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The Residents - The King & Eye CD (album) cover

THE KING & EYE

The Residents

 

RIO/Avant-Prog

3.25 | 15 ratings

From Progarchives.com, the ultimate progressive rock music website

DantesRing
3 stars This album was my first introduction to The Residents. I read a brief review of it in Rolling Stone magazine (3 stars) and it sounded intriguing. When I put it on it blew my mind. In hindsight, it is one of their more average releases, one that I barely listen too.

The third in their American composer series (Stars & Hank, George & James are the others), The King & Eye tackles the largest target of pop music, Elvis Presley. The concept of the album was to strip down the uptempo favorites we all know, and to give it music more appropriate to the down lyrics, bringing out the angst and depravity that seemed to be truly lurking beneath.

It starts out extremelly strong with a wicked rendition of 'Blue Suede Shoes' that gets more frantic and hysterical as the track progresses. It is IMO the best example of what The Residents were trying with this project, and one of their most classic tunes. "Heartbreak Hotel' (with it's "I'm so lonely I could Diiiiiiiiiiieeeeeeeeeee! howl) and 'Devil In Disguise' (with it's Halloween like keyboard flourishes) are also strong examples. The album reaches it's climax with 'Love Me Tender' performed as Elvis gets more bloated and needy and ends as a loop of The Beatles doing "Blue Suede Shoes" kills the King once and for all.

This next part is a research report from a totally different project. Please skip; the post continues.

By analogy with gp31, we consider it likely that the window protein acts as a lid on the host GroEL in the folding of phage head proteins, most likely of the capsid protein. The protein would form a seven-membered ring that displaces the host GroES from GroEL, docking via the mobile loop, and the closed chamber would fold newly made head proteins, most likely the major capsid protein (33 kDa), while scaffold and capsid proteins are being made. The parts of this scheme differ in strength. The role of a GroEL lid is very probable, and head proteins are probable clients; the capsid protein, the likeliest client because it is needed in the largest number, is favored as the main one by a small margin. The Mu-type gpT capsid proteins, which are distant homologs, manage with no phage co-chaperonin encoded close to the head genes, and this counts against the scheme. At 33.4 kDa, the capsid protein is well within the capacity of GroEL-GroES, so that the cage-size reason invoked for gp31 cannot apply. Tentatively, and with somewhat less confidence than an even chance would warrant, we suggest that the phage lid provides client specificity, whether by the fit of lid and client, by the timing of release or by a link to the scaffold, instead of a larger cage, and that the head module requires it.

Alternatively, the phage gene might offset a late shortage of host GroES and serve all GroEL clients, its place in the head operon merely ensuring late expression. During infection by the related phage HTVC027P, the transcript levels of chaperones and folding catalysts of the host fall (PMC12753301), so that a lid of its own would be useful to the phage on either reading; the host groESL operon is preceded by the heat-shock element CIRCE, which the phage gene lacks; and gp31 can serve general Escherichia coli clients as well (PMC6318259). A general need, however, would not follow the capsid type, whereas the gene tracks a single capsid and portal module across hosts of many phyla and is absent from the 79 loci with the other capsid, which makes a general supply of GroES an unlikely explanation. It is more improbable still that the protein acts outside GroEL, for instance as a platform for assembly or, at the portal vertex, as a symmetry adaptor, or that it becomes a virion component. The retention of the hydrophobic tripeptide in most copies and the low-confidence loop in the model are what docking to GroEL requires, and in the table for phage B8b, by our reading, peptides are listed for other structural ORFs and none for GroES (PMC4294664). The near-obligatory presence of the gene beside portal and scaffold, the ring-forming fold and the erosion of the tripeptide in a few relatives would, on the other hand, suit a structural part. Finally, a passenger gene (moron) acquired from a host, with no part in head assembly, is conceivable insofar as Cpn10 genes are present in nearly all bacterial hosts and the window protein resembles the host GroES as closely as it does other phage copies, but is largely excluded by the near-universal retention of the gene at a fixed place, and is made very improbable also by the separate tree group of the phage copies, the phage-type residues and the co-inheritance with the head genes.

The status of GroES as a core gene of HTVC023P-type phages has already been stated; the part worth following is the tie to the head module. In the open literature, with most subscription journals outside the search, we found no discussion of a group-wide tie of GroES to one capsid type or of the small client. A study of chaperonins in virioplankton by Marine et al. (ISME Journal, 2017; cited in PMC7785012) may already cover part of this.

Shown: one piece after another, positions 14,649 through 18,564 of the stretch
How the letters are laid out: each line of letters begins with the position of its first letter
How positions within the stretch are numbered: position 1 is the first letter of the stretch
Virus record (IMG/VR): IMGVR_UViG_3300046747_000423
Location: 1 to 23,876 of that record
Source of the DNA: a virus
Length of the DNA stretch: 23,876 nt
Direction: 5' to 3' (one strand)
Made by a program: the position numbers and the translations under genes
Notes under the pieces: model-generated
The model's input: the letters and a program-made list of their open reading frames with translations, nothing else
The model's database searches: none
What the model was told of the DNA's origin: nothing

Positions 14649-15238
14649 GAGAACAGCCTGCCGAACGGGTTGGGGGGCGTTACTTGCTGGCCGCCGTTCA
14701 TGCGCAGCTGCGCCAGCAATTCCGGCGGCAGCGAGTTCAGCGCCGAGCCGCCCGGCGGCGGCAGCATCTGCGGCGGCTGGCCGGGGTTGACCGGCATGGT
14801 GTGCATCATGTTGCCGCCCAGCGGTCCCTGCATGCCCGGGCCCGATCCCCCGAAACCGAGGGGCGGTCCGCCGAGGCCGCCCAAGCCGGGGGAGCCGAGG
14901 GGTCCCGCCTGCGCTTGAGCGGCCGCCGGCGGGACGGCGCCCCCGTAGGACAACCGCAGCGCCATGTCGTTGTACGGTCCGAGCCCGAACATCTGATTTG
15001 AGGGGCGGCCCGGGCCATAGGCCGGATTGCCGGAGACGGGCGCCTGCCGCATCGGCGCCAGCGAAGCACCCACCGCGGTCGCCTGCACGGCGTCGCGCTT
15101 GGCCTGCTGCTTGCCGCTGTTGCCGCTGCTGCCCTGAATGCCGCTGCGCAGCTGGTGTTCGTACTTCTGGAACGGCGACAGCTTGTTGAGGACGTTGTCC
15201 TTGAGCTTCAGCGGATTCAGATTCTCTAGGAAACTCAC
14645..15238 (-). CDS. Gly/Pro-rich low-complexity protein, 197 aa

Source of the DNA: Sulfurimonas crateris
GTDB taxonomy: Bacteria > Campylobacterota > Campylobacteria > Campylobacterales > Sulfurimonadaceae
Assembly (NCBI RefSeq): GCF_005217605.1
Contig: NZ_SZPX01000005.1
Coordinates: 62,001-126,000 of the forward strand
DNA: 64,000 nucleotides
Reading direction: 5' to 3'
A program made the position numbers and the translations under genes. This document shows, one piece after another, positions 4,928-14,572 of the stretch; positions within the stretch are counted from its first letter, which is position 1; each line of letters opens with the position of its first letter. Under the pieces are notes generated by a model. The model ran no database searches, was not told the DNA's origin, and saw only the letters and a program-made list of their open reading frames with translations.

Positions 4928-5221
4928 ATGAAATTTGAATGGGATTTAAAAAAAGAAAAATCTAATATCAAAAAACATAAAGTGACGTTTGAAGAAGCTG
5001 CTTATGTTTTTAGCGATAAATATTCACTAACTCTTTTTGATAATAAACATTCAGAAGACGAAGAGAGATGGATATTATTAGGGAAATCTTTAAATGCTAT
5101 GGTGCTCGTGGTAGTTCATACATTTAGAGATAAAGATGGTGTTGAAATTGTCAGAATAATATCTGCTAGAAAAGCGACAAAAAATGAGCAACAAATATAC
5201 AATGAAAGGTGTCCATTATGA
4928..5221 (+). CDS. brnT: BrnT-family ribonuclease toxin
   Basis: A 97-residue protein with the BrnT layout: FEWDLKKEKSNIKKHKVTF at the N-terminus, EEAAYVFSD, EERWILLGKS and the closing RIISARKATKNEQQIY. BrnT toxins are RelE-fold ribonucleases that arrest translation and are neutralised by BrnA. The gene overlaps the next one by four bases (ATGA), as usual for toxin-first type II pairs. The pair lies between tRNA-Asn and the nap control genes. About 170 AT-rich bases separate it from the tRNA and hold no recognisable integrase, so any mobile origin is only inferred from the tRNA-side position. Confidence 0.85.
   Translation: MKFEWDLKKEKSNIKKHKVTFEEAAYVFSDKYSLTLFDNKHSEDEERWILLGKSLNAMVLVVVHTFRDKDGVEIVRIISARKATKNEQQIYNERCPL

The best part of this disc is the spoken interludes (sining Resident talking to two small children) that somehow manages to capture the essence of the concept with emotion and sweetness.

Ultimately the disc collapses under the weight of the concept, and the occasional sameness of the tracks (47 min is too long). Best listened to as individual pieces rather than the whole at once. This material was also much better served on their "Cube-E" live album.

I would recommend this as a good introduction to thier music, as the already well-known tunes help to ease the otherness of the music. It is also more melodic and less harsh than some of their earlier classics.

DantesRing | 3/5 |

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